Record warm temperatures above Antarctica over the coming weeks are likely to bring above-average spring temperatures and below-average rainfall across large parts of New South Wales and southern Queensland.
The warming began in the last week of August, when temperatures in the stratosphere high above the South Pole began rapidly heating in a phenomenon called "sudden stratospheric warming".
In the coming weeks the warming is forecast to intensify, and its effects will extend downward to Earth's surface, affecting much of eastern Australia over the coming months.
The Bureau of Meteorology is predicting the strongest Antarctic warming on record, likely to exceed the previous record of September 2002.
What's going on?
Every winter, westerly winds – often up to 200 kilometre per hour (120 miles per hour) – develop in the stratosphere high above the South Pole and circle the polar region.
The winds develop as a result of the difference in temperature over the pole (where there is no sunlight) and the Southern Ocean (where the sun still shines).
As the sun shifts southward during spring, the polar region starts to warm. This warming causes the stratospheric vortex and associated westerly winds to gradually weaken over the period of a few months.
However, in some years this breakdown can happen faster than usual.
Waves of air from the lower atmosphere (from large weather systems or flow over mountains) warm the stratosphere above the South Pole, and weaken or "mix" the high-speed westerly winds.
Very rarely, if the waves are strong enough they can rapidly break down the polar vortex, actually reversing the direction of the winds so they become easterly. This is the technical definition of "sudden stratospheric warming."
Although we have seen plenty of weak or moderate variations in the polar vortex over the past 60 years, the only other true sudden stratospheric warming event in the Southern Hemisphere was in September 2002.
In contrast, their northern counterpart occurs every other year or so during late winter of the Northern Hemisphere because of stronger and more variable tropospheric wave activity.
What can Australia expect?
Impacts from this stratospheric warming are likely to reach Earth's surface in the next month and possibly extend through to January.
Apart from warming the Antarctic region, the most notable effect will be a shift of the Southern Ocean westerly winds towards the Equator.
For regions directly in the path of the strongest westerlies, which includes western Tasmania, New Zealand's South Island, and Patagonia in South America, this generally results in more storminess and rainfall, and colder temperatures.
But for subtropical Australia, which largely sits north of the main belt of westerlies, the shift results in reduced rainfall, clearer skies, and warmer temperatures.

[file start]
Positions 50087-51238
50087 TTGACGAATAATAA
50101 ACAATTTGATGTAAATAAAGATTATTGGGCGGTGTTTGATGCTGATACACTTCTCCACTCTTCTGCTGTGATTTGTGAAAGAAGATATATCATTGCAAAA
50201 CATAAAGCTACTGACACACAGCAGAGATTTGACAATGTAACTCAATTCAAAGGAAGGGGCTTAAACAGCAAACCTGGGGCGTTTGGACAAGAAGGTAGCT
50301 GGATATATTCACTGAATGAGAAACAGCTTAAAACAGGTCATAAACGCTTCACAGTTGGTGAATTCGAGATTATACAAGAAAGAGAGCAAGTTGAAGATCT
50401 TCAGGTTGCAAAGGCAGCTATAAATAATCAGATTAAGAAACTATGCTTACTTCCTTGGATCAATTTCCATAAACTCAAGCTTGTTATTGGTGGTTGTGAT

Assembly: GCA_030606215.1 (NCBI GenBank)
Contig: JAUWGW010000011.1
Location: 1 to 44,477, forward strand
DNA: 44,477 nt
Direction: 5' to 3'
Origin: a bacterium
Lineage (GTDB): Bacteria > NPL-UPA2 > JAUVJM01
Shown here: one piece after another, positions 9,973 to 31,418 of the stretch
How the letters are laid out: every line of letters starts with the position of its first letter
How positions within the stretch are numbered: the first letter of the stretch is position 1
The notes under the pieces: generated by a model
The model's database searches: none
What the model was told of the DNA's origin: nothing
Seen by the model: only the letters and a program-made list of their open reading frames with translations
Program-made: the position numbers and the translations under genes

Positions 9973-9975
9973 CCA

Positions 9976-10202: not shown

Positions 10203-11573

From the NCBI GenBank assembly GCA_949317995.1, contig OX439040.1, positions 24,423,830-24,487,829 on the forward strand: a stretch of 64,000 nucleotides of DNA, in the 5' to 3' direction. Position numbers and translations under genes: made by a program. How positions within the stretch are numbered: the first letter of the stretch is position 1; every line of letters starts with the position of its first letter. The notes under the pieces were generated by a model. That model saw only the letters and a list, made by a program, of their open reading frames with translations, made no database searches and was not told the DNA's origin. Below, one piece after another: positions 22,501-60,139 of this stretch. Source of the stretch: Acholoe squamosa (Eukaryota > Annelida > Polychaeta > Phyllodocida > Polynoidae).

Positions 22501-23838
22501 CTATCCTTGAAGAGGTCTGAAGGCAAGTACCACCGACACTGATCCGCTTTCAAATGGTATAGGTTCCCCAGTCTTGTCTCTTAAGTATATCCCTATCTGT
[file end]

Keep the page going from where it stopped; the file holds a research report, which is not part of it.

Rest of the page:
Past stratospheric warming events and associated wind changes have had their strongest effects in NSW and southern Queensland, where springtime temperatures increased, rainfall decreased and heatwaves and fire risk rose.
The influence of the stratospheric warming has been captured by the Bureau's climate outlooks, along with the influence of other major climate drivers such as the current positive Indian Ocean Dipole, leading to a hot and dry outlook for spring.
Effects on the ozone hole and Antarctic sea ice
One positive note of sudden stratospheric warming is the reduction - or even absence altogether - of the spring Antarctic ozone hole. This is for two reasons.
First, the rapid rise of temperatures in the upper atmosphere means the super cold polar stratospheric ice clouds, which are vital for the chemical process that destroys ozone, may not even form.
Secondly, the disrupted winds carry more ozone-rich air from the tropics to the polar region, helping repair the ozone hole.
We also expect an enhanced decline in Antarctic sea ice between October and January, particularly in the eastern Ross Sea and western Amundsen Sea, as more warm water moves towards the poles due to the weaker westerly winds.
Thanks to improvements in modelling and the Bureau's new supercomputer, these types of events can be forecast better than ever before.
Compared to 2002, when we didn't know much about the event until after it had happened, this time we've had almost three weeks' notice that a very strong warming event was coming. We also know much more about the process that has been set in train, that will affect our weather over the next one to four months.
Harry Hendon, Senior Principal Research Scientist, Australian Bureau of Meteorology; Andrew B. Watkins, Manager of Long-range Forecast Services, Australian Bureau of Meteorology; Eun-Pa Lim, Senior research scientist, Australian Bureau of Meteorology, and Griffith Young, Senior IT Officer, Australian Bureau of Meteorology.
This article is republished from The Conversation under a Creative Commons license. Read the original article.